After a short pause, I thought I had come up with a good response. “That is a very good question.” I think this was my favorite catch phrase of the day.
I also find stalling is a good tactic while I figure out my articulation.
He did not seem satisfied and was intense, so I recognized my cue to continue, “Cats. I am not sure about that because they are not very obedient and they often get distracted by cat nip.”
Yep. That was a good answer. I had let him down softly and hopefully there would be no trauma.
No doubt this feller was going to be an attorney or an activist. And so, I was not ready for the factual arguments presented by a 5th grader to me about cat detection.
“Well, I think police should give them a chance. I really think they should be explored for drug detection. They are really smart. They are fast. My cat, she will claw your eyes out. Police could use them as a scout. They have really good noses.”
My mind briefly wandered to a scenario of cops throwing cats on bad guys or running with a cat in tow, waiting for the perfect moment to throw-release the apprehension feline.
First, I would have to be a pretty speedy police officer. Secondly, adding a cat who might not be happy about a jog out on the town seemed like a twofer- a fight with your apprehension animal and possibly another with the bad guy in the end. There was always a possibility the bicycle cops could carry them in their baskets.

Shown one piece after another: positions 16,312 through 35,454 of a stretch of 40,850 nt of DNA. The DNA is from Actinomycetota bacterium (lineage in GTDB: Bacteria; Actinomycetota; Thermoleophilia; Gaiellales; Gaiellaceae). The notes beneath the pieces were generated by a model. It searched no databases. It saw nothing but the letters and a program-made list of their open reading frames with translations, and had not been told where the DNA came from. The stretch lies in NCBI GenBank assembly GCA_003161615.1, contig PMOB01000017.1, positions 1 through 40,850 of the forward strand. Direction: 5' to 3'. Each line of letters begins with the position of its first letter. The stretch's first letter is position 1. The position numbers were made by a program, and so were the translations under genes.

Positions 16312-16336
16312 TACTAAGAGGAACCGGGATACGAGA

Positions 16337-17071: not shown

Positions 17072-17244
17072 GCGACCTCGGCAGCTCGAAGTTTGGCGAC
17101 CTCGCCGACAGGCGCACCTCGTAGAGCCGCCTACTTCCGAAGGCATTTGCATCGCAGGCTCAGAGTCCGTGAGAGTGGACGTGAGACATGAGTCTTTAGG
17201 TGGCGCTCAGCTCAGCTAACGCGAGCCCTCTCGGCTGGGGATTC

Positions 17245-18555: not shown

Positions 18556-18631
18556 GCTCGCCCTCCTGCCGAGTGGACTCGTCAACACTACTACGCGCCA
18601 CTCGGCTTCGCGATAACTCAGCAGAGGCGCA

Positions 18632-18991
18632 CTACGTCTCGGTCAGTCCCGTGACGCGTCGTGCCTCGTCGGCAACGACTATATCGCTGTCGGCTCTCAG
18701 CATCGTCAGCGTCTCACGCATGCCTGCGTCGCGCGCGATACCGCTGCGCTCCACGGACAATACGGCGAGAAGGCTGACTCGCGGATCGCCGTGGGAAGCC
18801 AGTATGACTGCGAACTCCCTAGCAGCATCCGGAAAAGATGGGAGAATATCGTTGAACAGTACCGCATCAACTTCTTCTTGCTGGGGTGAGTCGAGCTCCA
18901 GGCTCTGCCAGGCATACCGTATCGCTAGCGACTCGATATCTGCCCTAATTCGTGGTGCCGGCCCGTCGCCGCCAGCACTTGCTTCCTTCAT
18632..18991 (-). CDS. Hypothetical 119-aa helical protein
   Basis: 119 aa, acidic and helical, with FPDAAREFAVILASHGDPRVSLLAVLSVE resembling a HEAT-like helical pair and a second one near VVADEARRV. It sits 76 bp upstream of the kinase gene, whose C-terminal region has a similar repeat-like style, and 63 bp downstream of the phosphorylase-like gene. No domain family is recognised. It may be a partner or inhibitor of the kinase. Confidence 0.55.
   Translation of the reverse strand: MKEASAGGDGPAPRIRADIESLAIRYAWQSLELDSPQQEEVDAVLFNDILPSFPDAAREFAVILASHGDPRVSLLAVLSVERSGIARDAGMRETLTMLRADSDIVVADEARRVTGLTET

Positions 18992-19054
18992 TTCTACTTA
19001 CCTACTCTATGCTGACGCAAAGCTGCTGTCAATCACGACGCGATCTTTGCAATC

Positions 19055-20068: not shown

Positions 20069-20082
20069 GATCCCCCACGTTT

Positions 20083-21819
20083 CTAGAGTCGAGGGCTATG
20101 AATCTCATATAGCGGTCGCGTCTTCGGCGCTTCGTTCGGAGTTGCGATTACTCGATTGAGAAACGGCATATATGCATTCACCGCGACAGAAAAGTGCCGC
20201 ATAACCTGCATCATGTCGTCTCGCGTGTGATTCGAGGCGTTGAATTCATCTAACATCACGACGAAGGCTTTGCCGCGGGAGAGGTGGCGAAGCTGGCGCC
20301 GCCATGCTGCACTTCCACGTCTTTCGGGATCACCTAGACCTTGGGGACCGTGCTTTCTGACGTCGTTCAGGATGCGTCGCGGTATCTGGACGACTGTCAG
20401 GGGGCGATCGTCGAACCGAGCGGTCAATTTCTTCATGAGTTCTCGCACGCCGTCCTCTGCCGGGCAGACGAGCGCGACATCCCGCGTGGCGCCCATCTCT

Finally, I contemplated the sniffing idea. It perplexed me. I pictured a cat sitting there looking at me like I was stupid because I couldn’t locate the drugs with my own eyes. Or nose. Why should they lift a finger, or a paw?
Shifting back to reality, I realized the drone of tiny conversations and 100 queries at once had given me a setback. As my mind wanders, I had temporarily checked out on a visualization quest. I had to catch up to the topic at hand.
Trying to encourage innovation, I told him I would like to see his prototype.
“Police In Action”: Photo by Karl Anderson on Unsplash
The Plea Bargain
No, I was not falling for the probability of this proposal being implemented in law enforcement. However, I was willing to give the creative student kudos for his innovative introduction.